Reprinted with permission from AlterNet.
A 38-year-old second-grade teacher and mom in Texas died of the flu this week after she’d delayed picking up her prescription medication because couldn’t afford the $116 copay. By Friday night, Heather Holland’s condition had worsened and she was taken to the hospital. She died Sunday morning.
This year’s flu is among the deadliest in decades, killing approximately 4,000 Americans per week according to the CDC.
It seems like basic common sense that in our developed nation where medications and trained healthcare professionals are readily available, no one should be dying from the flu or any other illnesses just because they can’t afford to pay for basic medicine. But thanks to our disgraceful healthcare system, cases like Holland’s are shamefully common in this country.
Millions of adults in the U.S. skip their medications due to the high price tags, according to a Harvard Health report, and pharmaceutical prices are jacked up about three times higher than in the rest of the world.
As various states roll out new Medicaid work requirements and lockouts, even more lives could be in danger due to lack of ability to afford healthcare.
Here are three examples in which the high price of drugs is literally killing people in the U.S.
The high price of insulin causes many people with diabetes to stretch out their doses and gamble with their lives by going without the medicine for stretches of time. One example is the death of Shane Patrick Boyle, who died on March 18, 2017, of type 1 diabetes after his GoFundMe campaign to pay for the next month’s supply of the medicine fell short $50.
Lack of insulin access is a life-or-death situation for people with type 1 diabetes, and some with type 2 diabetes. Despite this, the price of insulin has risen rapidly in the last 100 years. An international survey released in 2016 shows that insulin costs on average $360 a month. A single vial of NovoLog insulin is priced between $14 and $300 and a vial of Humalog insulin costs $435, according to a Vice report.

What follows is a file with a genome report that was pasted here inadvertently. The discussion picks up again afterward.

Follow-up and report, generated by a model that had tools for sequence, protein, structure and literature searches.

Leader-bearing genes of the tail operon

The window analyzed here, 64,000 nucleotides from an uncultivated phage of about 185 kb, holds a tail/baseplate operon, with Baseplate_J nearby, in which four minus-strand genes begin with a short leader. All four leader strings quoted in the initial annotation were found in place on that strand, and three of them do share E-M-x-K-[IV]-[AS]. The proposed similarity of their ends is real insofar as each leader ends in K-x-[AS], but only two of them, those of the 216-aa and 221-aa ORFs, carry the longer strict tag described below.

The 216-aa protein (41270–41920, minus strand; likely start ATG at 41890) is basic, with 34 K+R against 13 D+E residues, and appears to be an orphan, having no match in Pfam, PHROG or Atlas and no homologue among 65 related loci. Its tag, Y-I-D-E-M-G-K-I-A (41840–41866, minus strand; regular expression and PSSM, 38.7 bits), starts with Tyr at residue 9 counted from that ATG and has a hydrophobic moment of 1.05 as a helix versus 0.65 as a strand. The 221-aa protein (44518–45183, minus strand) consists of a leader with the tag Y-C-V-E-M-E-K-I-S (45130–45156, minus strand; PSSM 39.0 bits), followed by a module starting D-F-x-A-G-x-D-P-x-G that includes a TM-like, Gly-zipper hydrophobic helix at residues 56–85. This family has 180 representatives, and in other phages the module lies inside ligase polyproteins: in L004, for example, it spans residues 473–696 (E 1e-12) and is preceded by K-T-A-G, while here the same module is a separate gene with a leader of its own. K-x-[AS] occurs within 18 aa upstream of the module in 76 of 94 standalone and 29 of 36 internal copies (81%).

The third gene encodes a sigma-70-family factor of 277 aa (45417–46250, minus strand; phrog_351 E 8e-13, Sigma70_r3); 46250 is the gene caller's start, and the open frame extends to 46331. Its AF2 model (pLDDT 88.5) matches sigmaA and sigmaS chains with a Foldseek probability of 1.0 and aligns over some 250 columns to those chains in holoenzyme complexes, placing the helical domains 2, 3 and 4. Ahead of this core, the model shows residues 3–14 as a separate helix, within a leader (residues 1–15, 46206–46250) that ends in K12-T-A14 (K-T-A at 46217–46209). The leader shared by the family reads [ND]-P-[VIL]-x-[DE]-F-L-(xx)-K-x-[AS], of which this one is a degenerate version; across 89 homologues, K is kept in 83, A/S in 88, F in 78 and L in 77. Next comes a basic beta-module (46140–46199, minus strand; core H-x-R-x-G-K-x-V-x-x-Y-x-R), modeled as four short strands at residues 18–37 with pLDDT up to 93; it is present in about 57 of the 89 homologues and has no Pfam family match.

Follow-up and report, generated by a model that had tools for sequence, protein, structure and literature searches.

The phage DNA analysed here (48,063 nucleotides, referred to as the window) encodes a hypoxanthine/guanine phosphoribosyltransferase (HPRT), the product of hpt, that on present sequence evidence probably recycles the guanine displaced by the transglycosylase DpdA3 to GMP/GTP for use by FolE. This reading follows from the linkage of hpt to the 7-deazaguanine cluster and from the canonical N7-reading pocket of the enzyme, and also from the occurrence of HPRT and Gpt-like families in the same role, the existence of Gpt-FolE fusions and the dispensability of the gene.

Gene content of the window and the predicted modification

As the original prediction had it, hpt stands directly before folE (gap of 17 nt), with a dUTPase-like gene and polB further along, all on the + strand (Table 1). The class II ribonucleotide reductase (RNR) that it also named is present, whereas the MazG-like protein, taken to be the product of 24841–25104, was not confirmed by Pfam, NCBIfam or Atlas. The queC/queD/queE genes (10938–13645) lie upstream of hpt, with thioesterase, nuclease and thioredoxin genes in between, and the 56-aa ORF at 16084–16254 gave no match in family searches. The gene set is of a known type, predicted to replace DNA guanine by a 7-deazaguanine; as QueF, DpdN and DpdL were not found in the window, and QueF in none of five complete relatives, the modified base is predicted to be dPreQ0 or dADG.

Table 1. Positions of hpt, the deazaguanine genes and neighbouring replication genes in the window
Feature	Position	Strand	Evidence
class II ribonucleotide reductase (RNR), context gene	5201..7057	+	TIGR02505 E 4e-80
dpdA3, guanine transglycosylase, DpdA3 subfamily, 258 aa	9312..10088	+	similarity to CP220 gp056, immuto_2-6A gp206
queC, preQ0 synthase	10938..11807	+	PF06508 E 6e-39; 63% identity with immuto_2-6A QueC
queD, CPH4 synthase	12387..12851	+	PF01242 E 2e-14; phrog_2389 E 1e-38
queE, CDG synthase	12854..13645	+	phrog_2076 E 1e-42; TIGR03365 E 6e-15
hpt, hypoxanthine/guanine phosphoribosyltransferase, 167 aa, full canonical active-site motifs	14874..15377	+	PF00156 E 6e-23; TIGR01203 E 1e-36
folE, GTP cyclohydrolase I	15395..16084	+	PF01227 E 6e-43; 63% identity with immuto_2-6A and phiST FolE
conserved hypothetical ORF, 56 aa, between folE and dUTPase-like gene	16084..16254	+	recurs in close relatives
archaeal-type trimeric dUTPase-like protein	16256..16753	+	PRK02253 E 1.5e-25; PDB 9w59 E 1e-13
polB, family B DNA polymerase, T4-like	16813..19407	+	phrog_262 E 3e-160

2. Cancer treatment medication.
At least 1.5 million Americans will receive a cancer diagnosis in 2018, and hundreds of thousands of them won’t be able to afford their prescribed medications.
One fairly common cancer drug called Alecensa costs more than $159,000 a year. Many others hover around that price range. A 2014 study published in The Oncologist showed a quarter of all cancer patients opted not to fill a prescription due to the cost and nearly 20 percent only filled their prescriptions partway or took less than the prescribed dosage.
As a Kaiser Health News article which ran on NPR reported in March 2017, “the high cost of cancer medications can burden patients for years even after they finish treatment….one-third of Medicare patients who were expected to use Gleevec — a life-saving leukemia medication that costs up to $146,000 a year — failed to fill prescriptions within six months of diagnosis, according to a December study in the Journal of Clinical Oncology.”
3. Heart disease medication.
Heart disease is the number-one cause of death in the U.S., but just as with diabetes, cancer and other illnesses, patients often can’t afford the generic prescription medications to treat the disease.
The New York Times reported in April 2017, “Studies have shown…that 41 percent of heart attack patients don’t take their blood pressure medications.” This is not always because of cost and studies are ongoing to look into the reasons people don’t take their medicines. But cost is definitely one of the major deterrents, as Bruce Bender, co-director of the Center for Health Promotion at National Jewish Health in Denver, told the Times.
A drug called Praluent, made by the company Sanofi and Regeneron Pharmaceuticals, was released alongside a drug called Entresto from Novartis pharmaceutical company in 2015. Both medicines represented big improvements in heart disease treatment, but their pricing came in much higher than expected, Reuters reported. Sanofi and Regeneron injections cost about $14,600 per year, well above the roughly $10,000 investors had expected.
While the price of heart disease medications is typically much lower than those of cancer drugs (which tend to cost upwards of $100,000 per year), they remain prohibitive to many, especially since they are designed for lifetime use and typically purchased monthly.
April M. Short is a freelance writer who focuses on health, wellness and social justice. She previously worked as AlterNet’s drugs and health editor.